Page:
Living Wisely

I have kept a journal since my “first” retirement from  the public schools in California  in 1996 .   Since then, I begin my day by writing in my journal about events in my life and my thoughts and feelings about them—-and I highly recommend the practice.    Occasionally during the years I’ve kept the journal I have made an intentional effort to back away from everyday life and assess the goals that I have set for myself.   It is a difficult task, but it gives me a hint as to how wisely I have been spending the time given to me.   It helps me determine what legacy I might be leaving to my descendants when I am no longer on this earth.

Most of us question our lives in some similar  way as I do.   We pause in the “busyness” of our lives and ask ourselves:   What am I doing?   Why am I doing it?  Is this what life is all about?  What goals do I have for my life?   What can I  do to make my life  better?   What is the good life anyway?  Am I using the time  given me in life well?    What does it mean to say that we have “lived wisely and well”?

The Apostle Paul had some words about this in  the 5th chapter of Ephesians:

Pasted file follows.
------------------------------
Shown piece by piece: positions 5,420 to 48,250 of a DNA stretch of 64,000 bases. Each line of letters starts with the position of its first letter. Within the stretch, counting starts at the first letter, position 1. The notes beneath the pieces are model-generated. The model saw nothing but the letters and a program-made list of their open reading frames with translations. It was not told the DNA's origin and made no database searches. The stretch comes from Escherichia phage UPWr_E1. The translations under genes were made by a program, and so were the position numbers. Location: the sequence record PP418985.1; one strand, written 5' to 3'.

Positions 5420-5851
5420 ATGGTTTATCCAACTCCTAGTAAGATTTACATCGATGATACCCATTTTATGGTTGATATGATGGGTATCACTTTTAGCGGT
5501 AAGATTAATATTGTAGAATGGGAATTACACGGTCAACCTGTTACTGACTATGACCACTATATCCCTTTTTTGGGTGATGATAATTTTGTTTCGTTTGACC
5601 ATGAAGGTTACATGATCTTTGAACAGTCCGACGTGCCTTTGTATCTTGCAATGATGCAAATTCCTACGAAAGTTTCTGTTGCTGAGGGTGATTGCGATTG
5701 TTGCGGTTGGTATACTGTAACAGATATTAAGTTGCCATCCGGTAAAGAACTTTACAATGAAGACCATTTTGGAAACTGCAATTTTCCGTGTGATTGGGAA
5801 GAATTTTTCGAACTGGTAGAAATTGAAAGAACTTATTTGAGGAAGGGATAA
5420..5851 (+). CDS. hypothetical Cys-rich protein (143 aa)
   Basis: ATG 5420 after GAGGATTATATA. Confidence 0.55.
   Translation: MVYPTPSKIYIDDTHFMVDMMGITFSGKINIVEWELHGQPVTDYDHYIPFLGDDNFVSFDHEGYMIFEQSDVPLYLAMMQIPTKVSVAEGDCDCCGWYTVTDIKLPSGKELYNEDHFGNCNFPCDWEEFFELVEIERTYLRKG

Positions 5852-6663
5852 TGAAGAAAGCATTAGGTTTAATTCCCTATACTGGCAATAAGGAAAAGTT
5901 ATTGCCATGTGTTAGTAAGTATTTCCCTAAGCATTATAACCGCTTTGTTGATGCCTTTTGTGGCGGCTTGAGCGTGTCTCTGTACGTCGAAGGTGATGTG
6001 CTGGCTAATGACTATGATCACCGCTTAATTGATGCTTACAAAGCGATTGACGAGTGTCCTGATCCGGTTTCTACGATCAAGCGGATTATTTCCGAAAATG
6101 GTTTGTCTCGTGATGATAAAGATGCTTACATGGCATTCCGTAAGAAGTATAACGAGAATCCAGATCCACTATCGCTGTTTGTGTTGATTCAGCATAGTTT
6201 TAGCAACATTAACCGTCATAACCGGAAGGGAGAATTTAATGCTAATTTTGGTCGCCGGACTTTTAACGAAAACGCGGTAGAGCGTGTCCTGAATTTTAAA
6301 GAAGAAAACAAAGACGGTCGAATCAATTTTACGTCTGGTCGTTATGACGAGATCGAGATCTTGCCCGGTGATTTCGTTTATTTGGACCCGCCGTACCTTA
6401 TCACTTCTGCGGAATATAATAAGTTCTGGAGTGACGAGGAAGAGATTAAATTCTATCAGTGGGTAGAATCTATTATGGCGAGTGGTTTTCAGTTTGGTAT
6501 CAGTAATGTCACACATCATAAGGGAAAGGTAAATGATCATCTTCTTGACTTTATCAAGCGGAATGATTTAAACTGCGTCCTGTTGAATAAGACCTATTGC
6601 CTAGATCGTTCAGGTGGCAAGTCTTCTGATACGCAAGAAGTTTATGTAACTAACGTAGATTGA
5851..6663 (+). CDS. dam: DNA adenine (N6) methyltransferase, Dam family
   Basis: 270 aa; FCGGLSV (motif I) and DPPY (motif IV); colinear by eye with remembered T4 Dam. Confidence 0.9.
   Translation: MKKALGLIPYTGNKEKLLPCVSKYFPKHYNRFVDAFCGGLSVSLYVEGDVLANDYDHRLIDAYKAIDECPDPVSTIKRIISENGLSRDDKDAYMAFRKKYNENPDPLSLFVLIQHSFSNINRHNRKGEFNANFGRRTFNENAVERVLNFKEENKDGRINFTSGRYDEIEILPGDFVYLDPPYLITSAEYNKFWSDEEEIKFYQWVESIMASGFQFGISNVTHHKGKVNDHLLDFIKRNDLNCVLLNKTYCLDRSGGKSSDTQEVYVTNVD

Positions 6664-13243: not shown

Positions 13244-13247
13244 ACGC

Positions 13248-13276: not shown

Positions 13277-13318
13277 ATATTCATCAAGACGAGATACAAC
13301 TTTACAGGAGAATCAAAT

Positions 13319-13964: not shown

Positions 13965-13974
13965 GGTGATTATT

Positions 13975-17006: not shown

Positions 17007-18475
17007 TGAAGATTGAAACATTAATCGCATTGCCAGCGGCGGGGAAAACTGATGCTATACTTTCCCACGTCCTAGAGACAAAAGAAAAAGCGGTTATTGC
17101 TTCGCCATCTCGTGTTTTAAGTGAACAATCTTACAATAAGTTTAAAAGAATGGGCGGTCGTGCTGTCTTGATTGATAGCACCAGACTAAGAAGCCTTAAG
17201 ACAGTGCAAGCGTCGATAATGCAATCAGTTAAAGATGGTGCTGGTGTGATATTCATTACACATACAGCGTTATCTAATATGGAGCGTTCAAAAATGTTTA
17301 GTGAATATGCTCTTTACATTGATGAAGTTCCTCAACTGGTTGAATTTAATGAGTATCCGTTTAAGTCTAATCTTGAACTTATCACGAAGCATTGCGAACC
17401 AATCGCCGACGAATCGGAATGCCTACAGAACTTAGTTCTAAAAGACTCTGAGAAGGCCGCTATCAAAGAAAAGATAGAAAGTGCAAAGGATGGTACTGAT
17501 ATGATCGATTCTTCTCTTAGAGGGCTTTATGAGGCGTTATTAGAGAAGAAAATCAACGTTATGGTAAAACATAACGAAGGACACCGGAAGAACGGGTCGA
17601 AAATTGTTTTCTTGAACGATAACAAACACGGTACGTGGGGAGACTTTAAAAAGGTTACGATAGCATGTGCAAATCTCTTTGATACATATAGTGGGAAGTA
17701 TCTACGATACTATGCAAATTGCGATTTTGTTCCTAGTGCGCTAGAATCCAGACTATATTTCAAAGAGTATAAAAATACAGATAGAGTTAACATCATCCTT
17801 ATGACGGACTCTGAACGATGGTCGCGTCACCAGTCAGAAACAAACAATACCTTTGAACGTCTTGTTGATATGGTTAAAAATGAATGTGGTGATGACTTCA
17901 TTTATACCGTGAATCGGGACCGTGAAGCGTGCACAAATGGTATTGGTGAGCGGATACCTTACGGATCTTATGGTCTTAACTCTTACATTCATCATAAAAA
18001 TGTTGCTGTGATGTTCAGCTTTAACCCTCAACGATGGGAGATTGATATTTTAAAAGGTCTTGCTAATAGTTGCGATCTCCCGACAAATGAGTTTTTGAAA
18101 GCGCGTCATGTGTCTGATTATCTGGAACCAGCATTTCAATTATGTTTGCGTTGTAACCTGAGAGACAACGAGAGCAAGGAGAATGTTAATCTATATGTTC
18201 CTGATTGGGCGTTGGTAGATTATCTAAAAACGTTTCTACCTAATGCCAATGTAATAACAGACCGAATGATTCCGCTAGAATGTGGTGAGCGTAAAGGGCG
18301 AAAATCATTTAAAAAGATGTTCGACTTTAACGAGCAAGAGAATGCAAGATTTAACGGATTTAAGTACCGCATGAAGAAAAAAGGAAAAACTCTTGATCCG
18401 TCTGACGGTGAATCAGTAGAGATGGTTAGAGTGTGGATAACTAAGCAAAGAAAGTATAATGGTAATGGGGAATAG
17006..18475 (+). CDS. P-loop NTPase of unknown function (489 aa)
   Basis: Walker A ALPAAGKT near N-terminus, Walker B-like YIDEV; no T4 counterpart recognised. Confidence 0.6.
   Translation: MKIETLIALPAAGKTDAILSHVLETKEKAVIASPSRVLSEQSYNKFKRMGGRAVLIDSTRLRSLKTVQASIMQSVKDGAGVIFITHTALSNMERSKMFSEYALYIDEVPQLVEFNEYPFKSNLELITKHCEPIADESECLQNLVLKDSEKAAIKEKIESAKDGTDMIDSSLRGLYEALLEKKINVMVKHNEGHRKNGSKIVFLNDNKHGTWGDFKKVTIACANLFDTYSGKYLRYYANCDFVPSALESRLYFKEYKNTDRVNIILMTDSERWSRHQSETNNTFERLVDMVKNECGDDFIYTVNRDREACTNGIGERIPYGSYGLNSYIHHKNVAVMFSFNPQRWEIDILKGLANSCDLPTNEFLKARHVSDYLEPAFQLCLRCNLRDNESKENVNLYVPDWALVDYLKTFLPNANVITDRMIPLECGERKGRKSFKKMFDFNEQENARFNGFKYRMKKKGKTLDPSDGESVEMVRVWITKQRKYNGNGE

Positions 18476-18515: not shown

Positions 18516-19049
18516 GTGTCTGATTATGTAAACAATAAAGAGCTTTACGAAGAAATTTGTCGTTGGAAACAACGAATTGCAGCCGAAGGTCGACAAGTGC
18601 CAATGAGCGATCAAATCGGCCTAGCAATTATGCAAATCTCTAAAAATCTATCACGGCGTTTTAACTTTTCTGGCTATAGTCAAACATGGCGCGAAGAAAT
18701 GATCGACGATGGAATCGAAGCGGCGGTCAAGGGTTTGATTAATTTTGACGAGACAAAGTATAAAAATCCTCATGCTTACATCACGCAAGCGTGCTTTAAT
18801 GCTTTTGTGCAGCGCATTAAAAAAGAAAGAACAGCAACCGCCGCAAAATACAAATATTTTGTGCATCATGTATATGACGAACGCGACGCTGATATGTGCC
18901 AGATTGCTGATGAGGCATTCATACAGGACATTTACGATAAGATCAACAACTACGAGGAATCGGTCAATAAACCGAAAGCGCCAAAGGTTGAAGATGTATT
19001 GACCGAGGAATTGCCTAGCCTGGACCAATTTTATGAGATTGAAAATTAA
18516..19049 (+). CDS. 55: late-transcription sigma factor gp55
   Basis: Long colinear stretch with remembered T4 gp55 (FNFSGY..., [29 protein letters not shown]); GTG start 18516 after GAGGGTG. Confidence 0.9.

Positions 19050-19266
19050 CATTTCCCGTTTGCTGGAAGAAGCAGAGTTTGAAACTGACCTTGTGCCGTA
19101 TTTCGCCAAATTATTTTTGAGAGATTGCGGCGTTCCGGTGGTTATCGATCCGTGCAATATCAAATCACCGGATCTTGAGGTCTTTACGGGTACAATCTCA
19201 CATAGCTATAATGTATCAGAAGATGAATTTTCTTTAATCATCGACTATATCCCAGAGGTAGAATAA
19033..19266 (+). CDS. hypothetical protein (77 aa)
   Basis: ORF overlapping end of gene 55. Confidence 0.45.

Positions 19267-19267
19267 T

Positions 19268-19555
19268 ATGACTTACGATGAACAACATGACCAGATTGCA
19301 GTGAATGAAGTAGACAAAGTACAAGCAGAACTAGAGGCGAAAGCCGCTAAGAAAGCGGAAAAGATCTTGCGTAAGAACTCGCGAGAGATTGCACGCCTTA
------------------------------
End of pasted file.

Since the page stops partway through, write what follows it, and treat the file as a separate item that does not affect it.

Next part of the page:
Be careful then how you live, not as unwise people but as wise, making the most of the time, because the days are evil.   (Ephesians 5:15-16)  

This is good advice, but not easy to put in practice.

How do we “make the most of our time“?    Many of us lead hectic lives.   We rush about vainly trying to do everything and in the process we may neglect what is the most important—-because we are too busy to stop and prioritize what is important.

We spend most of our lives worrying about past problems and future concerns to the extent that they dominate our present moments so much that we end up anxious, frustrated, depressed, and hopeless.    We postpone our gratification, our priorities and our happiness—convincing ourselves the “someday” it  will be better than today and we won’t be so busy and will get them done.  .  For example, “someday I’ll take that dream trip”  or “someday I will take the kids to the zoo” or “someday I will visit my Aunt Mary who is lonely” or “someday I will let my wife know just how much I love her.    Unfortunately we have no guarantee that “someday” will ever arrive.   John Lennon once said, “Life is what’s happening while we’re busy making other plans.

While we are busy making other plans, our children are busy growing up and now want to spend time with their peers instead of us;  our health deteriorates and we’re not able to make that dream trip;   Aunt Mary dies a lonely death; and our wife who feels unloved files for a divorce.

So many of us live life as if it were a dress rehearsal for some later date.  It isn’t!    In fact, no one has a guarantee of even being alive tomorrow.   The present is the only time we have and the only time we have any control over.      As the song goes:    Yesterday’s gone, sweet Jesus!   And tomorrow’s still out of sight.   Teach me today, show me the way; one day at a time!

Let us spend the time that is given us right now wisely.  Take time to discern what is important and do it today rather than putting it  off until “someday” which may never come!

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